It's a fact: Federal spending will rise rapidly in the next few years for Social Security, Medicare and Medicaid. These programs are already more than 40% of federal spending and are rising faster than every other budget line except interest on the debt. Clearly, costs of this kind simply cannot be sustained, and even though health care reform has passed, there are still further political, social and electoral implications. What's the solution? What must be done before three of the country's most important programs become too unwieldy to repair or altogether insolvent? Visionary thinker Alice Rivlin, former vice chair of the Federal Reserve Board tackles the perpetually daunting problem of health care spending with ideas and energy that made her one of the most effective, influential and respected policy makers and economic minds in the country. Navigating the at-times labyrinthine budget process, Rivlin clarifies where the U.S. stands, where it’s headed and what the country needs to do to secure a healthy (and fiscally healthy) future for its citizens.

Alice Rivlin (Exclusively WSB)

What's ahead on the economic horizon? Things seem more than unsettled at the moment: with renewed tension in the Middle East, an unstable housing market and a federal deficit that has increased significantly over the past few years, the implications for the nation's economic health seem muddled and confused and in desperate need of clarification. Alice Rivlin, former vice chair of the Federal Reserve Board and one of the most influential policy makers in Washington, puts her finger on the pulse of the nation's economic health and clarifies the economic clutter to discuss how the latest political and business headlines will shape growth and markets both domestically and internationally.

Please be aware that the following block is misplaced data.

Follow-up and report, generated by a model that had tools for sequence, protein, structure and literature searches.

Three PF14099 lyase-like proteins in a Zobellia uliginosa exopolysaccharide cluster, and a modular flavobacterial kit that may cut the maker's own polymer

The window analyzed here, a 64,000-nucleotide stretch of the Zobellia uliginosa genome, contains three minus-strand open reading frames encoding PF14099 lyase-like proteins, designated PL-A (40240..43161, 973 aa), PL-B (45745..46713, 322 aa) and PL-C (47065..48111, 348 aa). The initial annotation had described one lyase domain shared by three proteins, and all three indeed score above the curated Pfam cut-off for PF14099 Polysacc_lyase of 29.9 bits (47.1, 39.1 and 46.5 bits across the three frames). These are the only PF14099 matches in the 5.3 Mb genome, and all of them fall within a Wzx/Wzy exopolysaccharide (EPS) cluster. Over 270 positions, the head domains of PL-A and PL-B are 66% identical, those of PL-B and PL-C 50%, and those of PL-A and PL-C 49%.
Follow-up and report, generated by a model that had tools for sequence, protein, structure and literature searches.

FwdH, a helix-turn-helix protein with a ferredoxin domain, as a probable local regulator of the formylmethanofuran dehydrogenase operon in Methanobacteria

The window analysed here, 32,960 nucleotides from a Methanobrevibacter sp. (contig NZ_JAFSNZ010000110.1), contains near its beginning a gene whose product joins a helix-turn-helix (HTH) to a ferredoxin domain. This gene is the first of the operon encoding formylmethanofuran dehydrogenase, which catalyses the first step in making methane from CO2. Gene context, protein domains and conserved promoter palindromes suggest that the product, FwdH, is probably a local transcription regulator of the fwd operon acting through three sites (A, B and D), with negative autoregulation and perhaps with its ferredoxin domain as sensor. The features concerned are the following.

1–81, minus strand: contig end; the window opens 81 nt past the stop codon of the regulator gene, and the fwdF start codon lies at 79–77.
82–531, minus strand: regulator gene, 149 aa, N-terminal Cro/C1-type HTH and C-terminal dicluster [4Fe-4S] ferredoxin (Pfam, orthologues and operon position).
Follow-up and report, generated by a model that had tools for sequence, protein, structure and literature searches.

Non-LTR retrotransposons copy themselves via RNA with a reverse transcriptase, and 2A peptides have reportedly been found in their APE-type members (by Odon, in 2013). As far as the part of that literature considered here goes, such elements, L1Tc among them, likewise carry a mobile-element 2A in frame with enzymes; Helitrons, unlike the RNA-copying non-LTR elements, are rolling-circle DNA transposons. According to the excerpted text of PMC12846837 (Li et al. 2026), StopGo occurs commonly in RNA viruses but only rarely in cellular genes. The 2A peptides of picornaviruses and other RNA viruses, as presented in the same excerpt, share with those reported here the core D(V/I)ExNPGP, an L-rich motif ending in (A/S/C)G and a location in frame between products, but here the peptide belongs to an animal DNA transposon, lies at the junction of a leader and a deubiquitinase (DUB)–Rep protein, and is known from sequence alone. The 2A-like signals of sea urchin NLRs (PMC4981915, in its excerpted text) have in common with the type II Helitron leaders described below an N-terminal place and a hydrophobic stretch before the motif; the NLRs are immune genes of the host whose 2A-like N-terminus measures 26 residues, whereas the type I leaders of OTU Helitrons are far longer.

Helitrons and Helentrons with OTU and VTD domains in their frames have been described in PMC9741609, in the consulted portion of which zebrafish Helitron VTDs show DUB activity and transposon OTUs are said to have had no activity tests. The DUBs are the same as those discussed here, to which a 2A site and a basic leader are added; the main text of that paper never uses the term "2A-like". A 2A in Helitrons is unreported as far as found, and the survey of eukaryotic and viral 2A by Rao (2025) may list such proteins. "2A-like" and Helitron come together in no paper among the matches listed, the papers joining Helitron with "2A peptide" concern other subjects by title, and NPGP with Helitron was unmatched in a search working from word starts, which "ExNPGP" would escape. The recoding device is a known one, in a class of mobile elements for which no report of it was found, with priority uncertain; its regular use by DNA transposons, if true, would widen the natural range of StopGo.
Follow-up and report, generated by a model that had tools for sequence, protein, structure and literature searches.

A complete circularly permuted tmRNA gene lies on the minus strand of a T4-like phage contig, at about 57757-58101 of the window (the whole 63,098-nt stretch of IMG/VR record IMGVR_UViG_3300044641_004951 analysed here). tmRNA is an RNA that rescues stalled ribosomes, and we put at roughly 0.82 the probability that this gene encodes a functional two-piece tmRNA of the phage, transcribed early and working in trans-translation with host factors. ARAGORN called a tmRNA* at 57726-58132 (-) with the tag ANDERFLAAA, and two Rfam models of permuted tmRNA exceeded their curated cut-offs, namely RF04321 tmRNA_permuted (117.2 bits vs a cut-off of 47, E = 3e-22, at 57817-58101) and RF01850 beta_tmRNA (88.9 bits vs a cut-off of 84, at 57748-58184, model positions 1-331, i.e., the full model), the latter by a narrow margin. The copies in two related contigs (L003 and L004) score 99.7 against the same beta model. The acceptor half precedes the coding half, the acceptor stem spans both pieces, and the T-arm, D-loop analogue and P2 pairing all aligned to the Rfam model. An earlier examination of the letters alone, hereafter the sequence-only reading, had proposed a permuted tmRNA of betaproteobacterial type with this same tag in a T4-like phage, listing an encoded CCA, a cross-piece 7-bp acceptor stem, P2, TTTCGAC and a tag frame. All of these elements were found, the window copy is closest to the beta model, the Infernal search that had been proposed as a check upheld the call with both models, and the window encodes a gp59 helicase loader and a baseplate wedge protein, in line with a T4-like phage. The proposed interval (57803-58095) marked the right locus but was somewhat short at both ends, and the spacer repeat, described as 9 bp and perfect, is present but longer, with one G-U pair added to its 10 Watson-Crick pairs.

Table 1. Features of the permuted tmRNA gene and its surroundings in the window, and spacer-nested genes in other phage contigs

Christina Romer (Exclusively WSB)

In this presentation, Christina Romer focuses her remarks on the outlook for the U.S. economy and monetary policy both in the near term and over the next few years.  She discusses with audiences current conditions, the outlook for inflation, employment and growth, the debate over secular stagnation and America’s long-run prospects.  A key theme is the uncertainty surrounding the forecasts.  The crisis has upended some key relationships forecasters have traditionally relied upon; and there are many risks to the outlook that are hard to quantify and predict, such as slowing growth in China and possible default in Greece.  Romer addresses the implications of the outlook and uncertainty for monetary policy, focusing on both what the Federal Reserve is likely to do and why uncertainty makes it important for them to move cautiously.

The U.S. economic recovery is gathering momentum. Positives include a recovering housing market, the shale gas and oil revolution, continued monetary accommodation by the Fed, strong corporate profits, the re-shoring of some manufacturing, stronger consumer confidence, a rising stock market and investor optimism in other risk assets, rising job creation and entrepreneurial dynamism. Negatives including policy gridlock and uncertainty in Washington, unresolved fiscal issues (debt ceiling, tax reform), the impact of a stronger dollar, the effects of the likely Fed exit from a zero rate policy; and tail risks from the global economy (possibility of tail risks from the EZ, risk of Chinese hard landing, geopolitical tensions impacting markets).
 

Downside risks include a recurrence of EZ financial stresses, given austerity fatigue and political fragility in the periphery; another fight over the debt ceiling and government shutdown in the U.S; an earlier and more serious hard landing in China; a policy mistake by the Fed if exit from zero rates occurs too  soon or too late; a few systemically important EMs experiencing outright financial/currency/sovereign crisis; geo-political developments in Russia or the Middle East that spook investors.

Upside risks include a further fall in oil prices that boosts global growth, especially in oil importing economies; a U.S. economy that grows faster—well above 3% plus; more resilient growth in China and a smooth rebalancing of its economy; a stronger recovery of the EZ and Japan as QE and weaker currencies boost growth; and an improvement in global risk sentiment that boosts risky asset prices in a significant way. Of all of these upside risks, a positive growth surprise in the U.S. looks like the most likely.